As You now have the RAS that would be the way to go, provided you got the correct guard to take a dado head when you bought it. Think the Wadkin should take about 18mm of stack and still leave sufficient thread for the nut to hold fully onto.

    If you plan your work well you should be able to do all your cross cutting in one go then the trenching therefore reducing the number of times you have to change setup.

    Or start saving up for a Stromab Blox Notching machine!!

  14. Jerseyoak

    Jerseyoak New Member

    THank you for the posts. I think that best suggestion is the RAS with Dado blades, as per Jason's suggestion. The other suggestions are not accurate enough and the padding out to creat trenches does not work for the purpose I have.

    Maybe the answer is to have to radial arm saws, one for cross cuts and the other for permanent dado blades.

    Cheers guys
  15. chip off the block

    chip off the block New Member


    what about this? its expensive but will do the job.

    Did you ever get that prazi?

    [Edited by: admin8]
  16. Jerseyoak

    Jerseyoak New Member

    Dear Chip

    I went of the Prazi, they were most unhelpful and it was proving too expensive with the US version saw to go with it. So, instead I got the Makita 51143R, which is a 355mm circular saw. It is a beast but cuts through a sleeper in one cut. My production has gone up by 25% with the one tool. Great piece of kit.

    The mafell looks good, wish I could afford that, it would be a great tool to have. I think I may have to start off with a 16" Wadkin RAS.
  17. lamello

    lamello New Member

    The way to do this in my opinion is to make a jig up and rout them. You should be able with a 12.7mm cutter in around 20 passes (ie 10 passes at 10mm depth and 10 passes at 20mm depth. You should be able with a good jig (ie not just a batten clamped to the sleeper but a jig that has the router base fixed to a long board resting on two support either side that register on a flat bench to ensure a flat bottomed trench) in perhaps 2 mins per trench once you get going. I think you would struggle to find a quicker method once you factor in the lifting and moving times in terms of doing them on a crosscut.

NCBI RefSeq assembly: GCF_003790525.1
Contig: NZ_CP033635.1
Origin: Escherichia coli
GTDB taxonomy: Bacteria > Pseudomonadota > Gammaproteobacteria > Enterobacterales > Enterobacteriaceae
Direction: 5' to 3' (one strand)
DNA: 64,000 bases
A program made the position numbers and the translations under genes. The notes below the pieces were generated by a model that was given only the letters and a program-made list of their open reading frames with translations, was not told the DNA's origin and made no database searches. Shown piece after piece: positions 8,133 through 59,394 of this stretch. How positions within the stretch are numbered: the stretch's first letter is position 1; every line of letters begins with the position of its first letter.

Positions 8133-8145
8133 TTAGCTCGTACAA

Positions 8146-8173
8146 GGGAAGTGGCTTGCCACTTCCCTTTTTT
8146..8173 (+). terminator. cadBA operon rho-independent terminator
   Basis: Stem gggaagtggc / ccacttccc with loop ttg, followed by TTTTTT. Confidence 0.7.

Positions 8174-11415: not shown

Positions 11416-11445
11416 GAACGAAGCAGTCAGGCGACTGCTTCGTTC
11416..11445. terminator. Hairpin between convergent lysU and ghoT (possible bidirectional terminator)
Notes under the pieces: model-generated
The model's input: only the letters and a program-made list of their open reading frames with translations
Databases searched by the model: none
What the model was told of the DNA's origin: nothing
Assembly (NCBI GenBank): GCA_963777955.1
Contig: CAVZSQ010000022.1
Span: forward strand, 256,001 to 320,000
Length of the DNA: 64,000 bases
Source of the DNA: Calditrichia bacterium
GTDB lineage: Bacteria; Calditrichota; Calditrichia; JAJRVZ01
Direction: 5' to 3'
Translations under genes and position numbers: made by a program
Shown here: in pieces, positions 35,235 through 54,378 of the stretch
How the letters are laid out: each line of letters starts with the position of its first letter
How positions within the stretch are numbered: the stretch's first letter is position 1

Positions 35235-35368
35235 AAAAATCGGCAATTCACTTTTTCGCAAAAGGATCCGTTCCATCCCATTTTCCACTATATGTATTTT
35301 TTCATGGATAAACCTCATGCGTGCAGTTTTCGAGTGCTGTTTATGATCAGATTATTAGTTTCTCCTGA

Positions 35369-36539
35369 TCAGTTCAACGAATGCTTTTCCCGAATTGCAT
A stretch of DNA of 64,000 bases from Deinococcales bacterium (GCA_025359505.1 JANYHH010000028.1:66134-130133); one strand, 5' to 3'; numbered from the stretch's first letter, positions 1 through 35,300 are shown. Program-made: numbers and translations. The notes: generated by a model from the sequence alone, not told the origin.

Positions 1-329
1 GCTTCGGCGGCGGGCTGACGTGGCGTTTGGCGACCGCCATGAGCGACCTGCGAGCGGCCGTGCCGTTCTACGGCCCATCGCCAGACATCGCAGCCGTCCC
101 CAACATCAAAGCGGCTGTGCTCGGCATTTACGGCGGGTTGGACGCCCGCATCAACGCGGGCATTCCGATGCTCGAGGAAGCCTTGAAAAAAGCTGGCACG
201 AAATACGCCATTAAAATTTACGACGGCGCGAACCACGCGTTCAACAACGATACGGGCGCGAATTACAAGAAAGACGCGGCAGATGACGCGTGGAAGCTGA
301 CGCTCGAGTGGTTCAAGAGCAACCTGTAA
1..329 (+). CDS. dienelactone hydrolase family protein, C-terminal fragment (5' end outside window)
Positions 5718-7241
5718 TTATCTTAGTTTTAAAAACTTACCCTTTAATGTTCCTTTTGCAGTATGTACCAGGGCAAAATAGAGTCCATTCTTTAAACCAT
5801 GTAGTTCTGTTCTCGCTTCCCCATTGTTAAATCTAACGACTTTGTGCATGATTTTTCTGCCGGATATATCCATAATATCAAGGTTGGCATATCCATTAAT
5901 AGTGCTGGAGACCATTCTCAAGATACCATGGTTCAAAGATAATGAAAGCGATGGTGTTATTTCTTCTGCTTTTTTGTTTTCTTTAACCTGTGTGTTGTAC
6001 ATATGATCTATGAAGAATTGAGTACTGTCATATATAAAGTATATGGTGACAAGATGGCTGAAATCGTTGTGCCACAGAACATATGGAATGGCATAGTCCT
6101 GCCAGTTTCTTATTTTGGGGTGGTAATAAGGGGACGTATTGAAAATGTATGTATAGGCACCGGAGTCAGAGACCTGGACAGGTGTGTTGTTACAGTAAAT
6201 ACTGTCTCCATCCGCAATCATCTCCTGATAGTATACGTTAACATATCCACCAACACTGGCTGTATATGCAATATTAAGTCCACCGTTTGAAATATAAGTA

18. chip off the block

    chip off the block New Member

    other than that crazy notch cutter i thing routing will be the neatest way. I would line 4 up and remove the majority of material with a circular and a chisel
  19. chip off the block

    chip off the block New Member

    if lifting is not a problem use ras with dado cutter
  20. lamello

    lamello New Member

    I myself certainly wouldnt put an oak sleeper anywhere near a panel saw, I would look at this job in terms of minimum lifting, minimum marking out, minumum tool changes and maximum speed of production, with a good router a good well thought out jig and a replacement tipped cutter this would be a very quick job, I appreciate what others are saying in terms of cutting out the bulk of the waste and setting up dados etc but the ideal scenario is that the crosscut is always set up for crosscutting so that tooling changes are restricted to blade changes only and that a dedicated router is always set up for the trenching. So instead of crosscutting then changing tooling and then setting up new stops and then trenching on the crosscut, or crosscutting then kerfcutting and then chopping the waste out and then routing to a neat finish, all you do is crosscut then plonk it on the bench and rout the trench. 2 operations, no stops to move, no marking out,2 lifts of the material , no tooling changes to go from uncut sleeper to trenched component.